Inspiration & What it does

When we learned about Amazon’s undercutting of small businesses, we were devastated. We built our product to help small businesses getting pushed out of industries by bigger companies with more economies of scale: specifically, the ability to adapt to COVID-19 circumstances.

How we built it

We created a responsive web app using bootstrap and vanilla javascript/css to serve a landing page, registration page, login page, and dashboard. Our web app also connects to a custom API backend that we wrote to assist with the MongoDB database transactions. Our backend is written with Node.js and Express.js to provide the customization we needed for our API. The web app serves mainly as the dashboard for local businesses to manage, update, or remove the products they wish to sell. Our website also serves as the landing page for our Chrome extension available to users. Users would then download our chrome extension, which reads an Amazon product you are viewing when activated. Our extension would then theoretically connect with our backend and retrieve the most relevant products sold by local businesses within your zip code. We were able to deploy our website to Azure Web Apps and customize it with one of our own custom domains. We also were able to use Chrome Extensions to start the creation of our chrome extension.

Challenges we ran into

We faced different challenges both individually and as a team due to our differing roles in the project and the shift from in-person to online Hackathon. Both Brenda and Miles got out of their comfort zones and learned how to code HTML and JavaScript respectively for the first time. Rafael faced the challenge of creating a Chrome Extension and connecting all the backend so that we can make a navigable website. As a team, we struggled to coordinate with each other and check in consistently due to the switch to virtual.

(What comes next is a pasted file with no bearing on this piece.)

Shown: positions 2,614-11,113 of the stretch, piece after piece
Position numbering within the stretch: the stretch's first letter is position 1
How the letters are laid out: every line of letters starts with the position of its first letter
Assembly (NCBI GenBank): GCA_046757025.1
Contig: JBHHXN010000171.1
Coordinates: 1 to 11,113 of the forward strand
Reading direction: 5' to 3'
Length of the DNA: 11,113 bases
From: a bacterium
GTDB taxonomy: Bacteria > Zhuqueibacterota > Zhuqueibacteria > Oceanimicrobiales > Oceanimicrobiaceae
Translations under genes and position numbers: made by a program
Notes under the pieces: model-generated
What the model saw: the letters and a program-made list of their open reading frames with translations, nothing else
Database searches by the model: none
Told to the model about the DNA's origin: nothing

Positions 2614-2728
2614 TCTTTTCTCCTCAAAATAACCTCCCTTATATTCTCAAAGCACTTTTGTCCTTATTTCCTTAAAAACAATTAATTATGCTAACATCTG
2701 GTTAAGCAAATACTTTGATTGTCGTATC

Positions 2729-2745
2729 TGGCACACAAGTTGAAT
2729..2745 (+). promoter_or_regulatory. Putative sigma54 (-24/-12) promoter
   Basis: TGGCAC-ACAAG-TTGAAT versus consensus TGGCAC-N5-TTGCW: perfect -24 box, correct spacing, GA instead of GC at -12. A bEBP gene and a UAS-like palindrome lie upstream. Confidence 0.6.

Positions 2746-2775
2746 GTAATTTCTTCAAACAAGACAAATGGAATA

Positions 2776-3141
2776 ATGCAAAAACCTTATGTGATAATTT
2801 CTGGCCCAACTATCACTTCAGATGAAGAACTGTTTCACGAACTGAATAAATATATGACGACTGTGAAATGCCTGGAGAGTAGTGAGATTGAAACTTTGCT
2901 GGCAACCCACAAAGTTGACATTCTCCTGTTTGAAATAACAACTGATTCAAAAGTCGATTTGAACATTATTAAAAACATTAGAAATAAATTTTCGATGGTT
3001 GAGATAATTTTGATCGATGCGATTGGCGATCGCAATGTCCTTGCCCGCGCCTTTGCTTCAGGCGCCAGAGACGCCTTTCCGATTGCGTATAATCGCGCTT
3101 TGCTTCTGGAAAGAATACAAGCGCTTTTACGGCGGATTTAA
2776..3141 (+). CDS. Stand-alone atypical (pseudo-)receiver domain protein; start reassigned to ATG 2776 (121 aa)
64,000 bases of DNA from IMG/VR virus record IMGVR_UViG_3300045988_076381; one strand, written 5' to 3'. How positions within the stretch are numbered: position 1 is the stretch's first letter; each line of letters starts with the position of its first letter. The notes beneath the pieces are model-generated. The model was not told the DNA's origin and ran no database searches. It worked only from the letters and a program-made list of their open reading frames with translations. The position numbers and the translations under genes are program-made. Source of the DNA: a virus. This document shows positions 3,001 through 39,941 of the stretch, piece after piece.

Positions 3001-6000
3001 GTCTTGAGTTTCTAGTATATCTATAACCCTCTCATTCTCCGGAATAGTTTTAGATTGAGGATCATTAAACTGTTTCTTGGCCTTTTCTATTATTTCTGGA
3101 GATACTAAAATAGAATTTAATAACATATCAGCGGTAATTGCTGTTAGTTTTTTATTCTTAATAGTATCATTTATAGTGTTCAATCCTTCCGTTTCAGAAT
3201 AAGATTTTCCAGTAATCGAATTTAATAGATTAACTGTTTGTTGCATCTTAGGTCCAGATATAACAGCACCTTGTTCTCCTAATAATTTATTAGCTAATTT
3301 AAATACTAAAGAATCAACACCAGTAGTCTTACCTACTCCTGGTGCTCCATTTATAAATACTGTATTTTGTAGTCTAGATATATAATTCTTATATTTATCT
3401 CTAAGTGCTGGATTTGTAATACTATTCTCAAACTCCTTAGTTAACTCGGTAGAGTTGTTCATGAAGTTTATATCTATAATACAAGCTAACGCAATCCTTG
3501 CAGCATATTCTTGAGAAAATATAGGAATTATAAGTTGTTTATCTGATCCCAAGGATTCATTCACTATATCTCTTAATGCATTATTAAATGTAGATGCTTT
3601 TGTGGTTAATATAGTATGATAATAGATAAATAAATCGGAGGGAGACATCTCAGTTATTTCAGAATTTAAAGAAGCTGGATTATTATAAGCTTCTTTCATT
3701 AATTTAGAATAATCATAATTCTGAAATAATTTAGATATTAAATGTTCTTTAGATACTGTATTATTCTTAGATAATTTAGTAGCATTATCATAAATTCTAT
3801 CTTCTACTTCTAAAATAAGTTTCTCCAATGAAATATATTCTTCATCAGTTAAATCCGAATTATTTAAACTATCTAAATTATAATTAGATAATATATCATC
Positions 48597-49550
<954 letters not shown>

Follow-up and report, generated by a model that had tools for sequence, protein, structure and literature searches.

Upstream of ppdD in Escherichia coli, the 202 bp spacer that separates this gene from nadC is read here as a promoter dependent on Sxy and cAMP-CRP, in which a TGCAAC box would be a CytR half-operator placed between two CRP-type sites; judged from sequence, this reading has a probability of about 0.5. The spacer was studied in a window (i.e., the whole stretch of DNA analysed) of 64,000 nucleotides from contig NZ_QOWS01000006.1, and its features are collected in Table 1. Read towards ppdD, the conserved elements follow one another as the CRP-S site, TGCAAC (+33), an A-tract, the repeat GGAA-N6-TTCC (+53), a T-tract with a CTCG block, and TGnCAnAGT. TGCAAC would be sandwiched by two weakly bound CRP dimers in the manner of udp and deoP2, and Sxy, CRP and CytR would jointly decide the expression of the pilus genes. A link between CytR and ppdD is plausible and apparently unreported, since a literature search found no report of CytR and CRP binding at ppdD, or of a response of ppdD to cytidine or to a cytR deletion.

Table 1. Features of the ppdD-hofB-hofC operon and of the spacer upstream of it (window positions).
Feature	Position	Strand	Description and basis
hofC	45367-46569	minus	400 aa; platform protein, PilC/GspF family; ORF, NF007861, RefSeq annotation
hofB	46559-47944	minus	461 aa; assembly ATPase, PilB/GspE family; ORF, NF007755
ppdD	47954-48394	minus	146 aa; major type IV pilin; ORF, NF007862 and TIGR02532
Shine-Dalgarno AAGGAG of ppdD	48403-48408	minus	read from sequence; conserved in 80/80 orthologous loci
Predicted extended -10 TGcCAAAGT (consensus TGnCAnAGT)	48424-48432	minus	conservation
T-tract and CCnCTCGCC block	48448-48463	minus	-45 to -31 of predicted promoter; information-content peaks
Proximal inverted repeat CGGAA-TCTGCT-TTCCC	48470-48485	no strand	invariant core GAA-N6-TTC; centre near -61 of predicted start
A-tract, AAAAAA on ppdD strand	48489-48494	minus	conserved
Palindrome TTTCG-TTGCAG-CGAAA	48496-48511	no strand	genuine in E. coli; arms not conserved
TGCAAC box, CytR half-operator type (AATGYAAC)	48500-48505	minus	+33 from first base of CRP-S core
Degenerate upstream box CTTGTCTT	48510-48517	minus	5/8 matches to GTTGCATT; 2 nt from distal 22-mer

Accomplishments that we're proud of and what we learned

In this project we all developed new skills as emerging and improving hackers. Brenda learned html for the first time. Miles learned JavaScript for the first time. Rafael learned how to make a chrome extension. Manasa developed her skills in CSS. Together we learned how to collaborate over an entirely digital environment, an ever more prevalent skill in today’s world, and play to each other’s strengths. We learned the value in taking a project all the way from conception to submission and the need for time management in the planning stage.

What's next for fairycomm

The future of fairycomm is undecided. Once fully functional, it will be more effective the more small business register and the more people we have using our chrome extension. It may require a bit of time investment to prepare for an official launch, but our community will be better for it. We plan to complete our backend design and implementation as well as implement and improve our Chrome Extension for better user accessibility and use.

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